Dee aka Nonna on October 31, 2010:

Yes, I would rather have the signed copy, but until I went to the website I didn't know about this or about the release date. I am anxiously awaiting...

gr82bme from USA on October 31, 2010:

Parents buy the clothes. They can pick them out too. I have 3 daughters and never let them dress the way girls do today.

Why in the world would a 12 send a nude photo of herself.12 year olds should not even have cell phones.We did without them before they came along

lmmartin (author) from Alberta and Florida on October 31, 2010:

Thanks Dee. The reason you didn't find it is because it's not released until January 27. It will probably be in kindle form a month or two after that, but wouldn't you really rather have a signed author copy... Lynda

Dee aka Nonna on October 31, 2010:

Immartin, I just sign up to get notification get the book The Bird Flew Away. I first went to Amazon (I was going to download to my Kindle),but I didn't find it so I came back to the article and click on the book's title and it took me to your website. What I read left me wanting to read more. Kids issues, especially girls, are very close to my heart. Thanks again.

lmmartin (author) from Alberta and Florida on October 31, 2010:

Thank you Dee AKA Nonna (I am Lynda AKA Nana) I was so impressed with these girls and the stories they chose, I can't tell you. Sounds like your grandaughter is off to a good start. Thanks for commenting. Lynda

Dee aka Nonna on October 31, 2010:

I was riveted by this article. For close to 40 years I worked with children and youth, mostly girls, trying to deliver a message of self worth. I have always hated the way stores, magazines, etc marketed to kids. I never allowed my kids to wear negative messages--they were always stylish without looking like every other kid in many cases they were admired for it. Girls today have both an inward and outward struggle just trying to fit in. I see my son and daughter-in-law trying to deal with this with their 7 year old daughter. They both understand the dangers of the negative messages that children wear and the too-short-too-tight clothes that are marketed for them and they have come up with a plan that works for them and she is perfectly OK with her daddy before her she is often praised and admired for her choice in clothes and I see some of the other kids trying to dress like her. But, as long as there are parents who are willing to purchase and dress their children in some of these items and as long as their are parents who think it is cute and lay down money we will have this problem. As long as we have adults who scream about the wrong issues we will have these problems. As long as we have parents whose heads are buried in the sand we will have these problems.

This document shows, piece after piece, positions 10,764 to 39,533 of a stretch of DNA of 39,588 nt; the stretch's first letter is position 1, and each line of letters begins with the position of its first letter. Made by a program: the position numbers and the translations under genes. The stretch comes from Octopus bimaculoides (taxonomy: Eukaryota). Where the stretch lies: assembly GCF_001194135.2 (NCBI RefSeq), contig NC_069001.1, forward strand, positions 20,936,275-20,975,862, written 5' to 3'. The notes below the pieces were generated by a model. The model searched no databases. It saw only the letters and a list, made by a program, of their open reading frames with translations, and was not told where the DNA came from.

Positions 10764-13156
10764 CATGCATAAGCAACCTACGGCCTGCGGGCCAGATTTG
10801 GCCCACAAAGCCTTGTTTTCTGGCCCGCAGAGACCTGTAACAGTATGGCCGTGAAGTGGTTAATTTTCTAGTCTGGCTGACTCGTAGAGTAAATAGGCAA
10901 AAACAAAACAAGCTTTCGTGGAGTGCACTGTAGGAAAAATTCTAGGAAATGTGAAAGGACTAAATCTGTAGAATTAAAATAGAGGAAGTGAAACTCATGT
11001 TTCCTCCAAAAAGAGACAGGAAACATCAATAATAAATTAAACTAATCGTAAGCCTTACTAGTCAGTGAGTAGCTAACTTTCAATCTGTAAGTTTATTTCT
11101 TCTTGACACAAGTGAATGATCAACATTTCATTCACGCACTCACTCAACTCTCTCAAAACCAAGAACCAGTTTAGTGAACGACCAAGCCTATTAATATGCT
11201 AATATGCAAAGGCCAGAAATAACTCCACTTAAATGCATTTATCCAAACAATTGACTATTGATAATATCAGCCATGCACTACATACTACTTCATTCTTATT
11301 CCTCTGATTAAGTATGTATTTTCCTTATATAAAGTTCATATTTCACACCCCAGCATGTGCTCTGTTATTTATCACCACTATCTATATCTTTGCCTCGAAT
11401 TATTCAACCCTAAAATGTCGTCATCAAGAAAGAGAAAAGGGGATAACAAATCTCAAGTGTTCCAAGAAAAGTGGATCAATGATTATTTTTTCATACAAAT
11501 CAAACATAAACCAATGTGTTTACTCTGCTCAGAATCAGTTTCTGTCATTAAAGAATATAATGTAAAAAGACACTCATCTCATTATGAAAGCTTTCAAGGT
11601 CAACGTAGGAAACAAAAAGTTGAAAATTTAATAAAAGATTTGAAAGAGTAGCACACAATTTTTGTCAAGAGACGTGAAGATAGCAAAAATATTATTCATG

I loved your hub immartin and am so happy you address this issue and had both the "guts" and "common sense" to allow girls to have a say. I will definitly look for your books.

lmmartin (author) from Alberta and Florida on October 31, 2010:

Coming out? I came out as anything I was going to come out as many years ago. Sorry, don't understand what you're getting at. Lynda

Coming Out? on October 31, 2010:

I have a feeling that you are coming out as something. I'm just not sure what...

lmmartin (author) from Alberta and Florida on October 30, 2010:

Thank you Duchess. You make me blush, but all the same, I will agree more of us need to look at life as it really is. The girls interviewed here did not start the website; that was the brain child of Rachel (who wrote the article on girls clothing) and her mother. Apparently it has caught on big time with girls from all around the world. Thanks again, Duchess. See ya. Lynda

Duchess OBlunt on October 30, 2010:

As always Lynda, I am impressed. Your writing ability has always been exceptional, but this piece is absolutely brilliant. Your down to earth, honest approach to life as it IS, not as we want it to be shines through very loud and clear. There are so many mothers out there who should be reading this. Passing it on!

And Kudos to the girls for such a great website idea.

lmmartin (author) from Alberta and Florida on October 29, 2010:

Thanks Tami. Glad you liked it. Lynda

Tami on October 29, 2010: